2016_1 Engineering safer flaring is no accident master

Engineering safer flaring is no accident

Following the Paris agreement in December, limiting greenhouse gas emissions is factoring even more heavily into companies’ purchasing decisions. Wärtsilä’s flare gas recovery system reduces the need for continuous gas flaring and the harmful emissions it causes, and, with a newly engineered e-pellet for its ballistic ignition, conducting intermittent flaring is now even safer and more reliable.


According to the World Bank, the recovery of gas currently flared or vented by the oil industry is a prime way to meet increasing fossil fuel demand and reduce harmful emissions, as flaring gas accounts for about 400 million tons of CO2emissions every year. Flaring can also release smoke containing toxic chemicals, which have further climate impacts and may cause health problems in nearby communities.

To enable utilization of gas that traditionally would be burned during flaring, Wärtsilä’s flare gas recovery system makes it possible to recover the gas safely and cost effectively for other purposes. Along with using that gas for export or re-injection, fuel gas, power generation or for production of LNG, LPG or NGL, the process also offers a substantial reduction in CO2 and NOx emissions compared to continuous flaring.

Even when gas is being recovered, small amounts of gas still need to be flared or vented to reduce the risk of fires or explosions. However, employing proper equipment maintenance and appropriate technology helps keep this already small volume of gas and emissions as low as practicable.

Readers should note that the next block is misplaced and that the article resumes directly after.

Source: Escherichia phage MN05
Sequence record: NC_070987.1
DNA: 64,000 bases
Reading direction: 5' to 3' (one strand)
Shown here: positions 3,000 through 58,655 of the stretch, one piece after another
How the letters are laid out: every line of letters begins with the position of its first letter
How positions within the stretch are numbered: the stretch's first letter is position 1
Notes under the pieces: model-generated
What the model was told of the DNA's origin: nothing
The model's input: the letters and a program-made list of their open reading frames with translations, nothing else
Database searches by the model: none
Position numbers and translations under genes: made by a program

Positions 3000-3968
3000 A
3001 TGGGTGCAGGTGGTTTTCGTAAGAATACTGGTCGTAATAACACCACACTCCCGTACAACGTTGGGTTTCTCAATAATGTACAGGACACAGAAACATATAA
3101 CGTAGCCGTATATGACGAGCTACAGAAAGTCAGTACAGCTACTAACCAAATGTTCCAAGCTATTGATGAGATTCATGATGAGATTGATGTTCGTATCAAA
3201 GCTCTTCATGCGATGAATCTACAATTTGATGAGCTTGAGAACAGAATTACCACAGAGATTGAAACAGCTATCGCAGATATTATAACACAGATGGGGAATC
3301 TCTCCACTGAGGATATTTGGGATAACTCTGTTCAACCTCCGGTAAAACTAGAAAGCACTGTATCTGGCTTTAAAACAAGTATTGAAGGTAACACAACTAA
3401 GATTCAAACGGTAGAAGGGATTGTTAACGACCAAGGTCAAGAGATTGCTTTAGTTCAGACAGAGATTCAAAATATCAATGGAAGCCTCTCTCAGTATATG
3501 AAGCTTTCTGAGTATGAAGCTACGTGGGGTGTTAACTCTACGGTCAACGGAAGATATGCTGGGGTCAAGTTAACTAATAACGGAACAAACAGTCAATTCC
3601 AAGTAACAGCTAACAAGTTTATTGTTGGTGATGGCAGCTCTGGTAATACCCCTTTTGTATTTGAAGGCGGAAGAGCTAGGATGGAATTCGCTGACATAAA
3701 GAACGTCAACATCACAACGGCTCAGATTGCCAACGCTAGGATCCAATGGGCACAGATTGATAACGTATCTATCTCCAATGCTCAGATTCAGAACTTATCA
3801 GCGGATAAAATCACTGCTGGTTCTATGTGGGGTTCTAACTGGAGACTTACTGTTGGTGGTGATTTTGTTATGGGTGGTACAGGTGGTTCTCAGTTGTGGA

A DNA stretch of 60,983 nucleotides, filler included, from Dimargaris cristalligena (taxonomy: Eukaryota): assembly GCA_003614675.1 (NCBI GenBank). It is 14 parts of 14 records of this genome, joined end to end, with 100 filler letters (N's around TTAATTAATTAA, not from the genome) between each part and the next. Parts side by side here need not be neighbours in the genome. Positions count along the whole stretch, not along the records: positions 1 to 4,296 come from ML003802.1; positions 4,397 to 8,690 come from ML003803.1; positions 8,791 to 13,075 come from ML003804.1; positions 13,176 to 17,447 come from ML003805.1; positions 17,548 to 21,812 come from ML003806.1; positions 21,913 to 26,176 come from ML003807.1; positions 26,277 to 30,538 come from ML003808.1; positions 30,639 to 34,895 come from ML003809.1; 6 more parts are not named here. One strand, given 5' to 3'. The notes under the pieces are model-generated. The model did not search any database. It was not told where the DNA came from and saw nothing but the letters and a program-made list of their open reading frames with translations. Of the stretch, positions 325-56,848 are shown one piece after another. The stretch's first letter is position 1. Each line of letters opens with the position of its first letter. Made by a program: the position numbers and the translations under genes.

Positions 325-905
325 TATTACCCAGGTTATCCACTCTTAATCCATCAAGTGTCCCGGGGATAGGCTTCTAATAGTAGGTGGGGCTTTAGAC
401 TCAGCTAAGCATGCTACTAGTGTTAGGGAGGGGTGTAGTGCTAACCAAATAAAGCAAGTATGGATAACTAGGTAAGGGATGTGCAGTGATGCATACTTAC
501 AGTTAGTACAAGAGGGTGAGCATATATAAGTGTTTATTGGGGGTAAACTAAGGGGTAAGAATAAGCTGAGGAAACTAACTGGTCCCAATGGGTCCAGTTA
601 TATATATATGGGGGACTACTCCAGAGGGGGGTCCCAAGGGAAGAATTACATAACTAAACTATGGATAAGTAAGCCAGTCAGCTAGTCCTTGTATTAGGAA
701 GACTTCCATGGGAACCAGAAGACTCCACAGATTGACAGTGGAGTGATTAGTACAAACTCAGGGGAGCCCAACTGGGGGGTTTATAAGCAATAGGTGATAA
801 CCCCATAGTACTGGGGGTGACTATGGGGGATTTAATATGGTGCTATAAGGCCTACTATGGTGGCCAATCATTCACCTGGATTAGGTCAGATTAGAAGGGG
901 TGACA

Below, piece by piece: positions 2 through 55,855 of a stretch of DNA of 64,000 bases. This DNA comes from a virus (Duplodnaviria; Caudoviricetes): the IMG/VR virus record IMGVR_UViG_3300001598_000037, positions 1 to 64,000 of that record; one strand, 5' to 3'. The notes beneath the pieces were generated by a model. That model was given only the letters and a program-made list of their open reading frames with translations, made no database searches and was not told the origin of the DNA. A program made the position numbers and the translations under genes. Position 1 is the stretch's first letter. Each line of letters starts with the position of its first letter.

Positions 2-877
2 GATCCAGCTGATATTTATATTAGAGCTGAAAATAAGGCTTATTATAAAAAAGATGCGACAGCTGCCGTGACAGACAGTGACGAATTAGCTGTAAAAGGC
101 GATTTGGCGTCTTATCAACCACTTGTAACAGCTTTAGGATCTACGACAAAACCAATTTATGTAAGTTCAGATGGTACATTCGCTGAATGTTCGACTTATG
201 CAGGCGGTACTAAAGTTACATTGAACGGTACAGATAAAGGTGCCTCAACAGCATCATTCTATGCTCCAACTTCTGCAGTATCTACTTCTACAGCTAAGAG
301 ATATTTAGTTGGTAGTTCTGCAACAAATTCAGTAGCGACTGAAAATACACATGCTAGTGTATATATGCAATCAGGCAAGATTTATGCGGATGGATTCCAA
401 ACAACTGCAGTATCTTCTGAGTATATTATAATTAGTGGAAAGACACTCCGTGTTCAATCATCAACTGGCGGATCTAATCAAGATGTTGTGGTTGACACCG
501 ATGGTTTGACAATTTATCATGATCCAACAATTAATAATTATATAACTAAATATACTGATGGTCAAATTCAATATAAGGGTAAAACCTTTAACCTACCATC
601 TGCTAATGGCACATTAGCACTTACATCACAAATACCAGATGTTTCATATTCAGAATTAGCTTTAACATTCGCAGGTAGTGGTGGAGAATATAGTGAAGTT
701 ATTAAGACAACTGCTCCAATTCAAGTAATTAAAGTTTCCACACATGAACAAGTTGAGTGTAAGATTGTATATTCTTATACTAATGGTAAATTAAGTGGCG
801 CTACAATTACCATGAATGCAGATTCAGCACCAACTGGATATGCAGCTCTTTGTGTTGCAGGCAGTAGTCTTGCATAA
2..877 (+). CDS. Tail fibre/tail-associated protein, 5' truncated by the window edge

When conducting intermittent flaring, a pilot flame may be maintained for igniting the flares. In contrast, with Wärtsilä’s flare gas ignition technology, even the emissions from a pilot flame are prevented. Furthermore, the safety and reliability of any ignition system is essential in avoiding economic impacts caused by downtime. So, while the basic technology behind Wärtsilä’s ballistic ignition pellet system is already decades old, the latest development guarantees a safe and reliable ignition of the flare whenever required.

The original design for a ballistic ignition pellet system came to be in 1989 when a pellet, apyrotechnic article (like an Independence Day or New Year’s Eve rocket), was fired from a cannon in a 12m freight container. This open trajectory system had lots of flaws, but it got the idea started. The military’s strict standards on security and integrity influenced the next steps of system’s development.

2016_1 Engineering safer flaring is no accident 2
The e-pellet takes the advantages of the low-pressure pellet one step further with electronic operation. The e-pellet’s actual size is 100 mm in length and 20mm in diameter.

First, the system was moved out of an open area and into an enclosed pipe. Removing the effects of wind created more stability and accuracy. Then in 1994, a high-pressure system was developed. Now obsolete, the system, which was mainly used in Norway, only remains in a handful of places.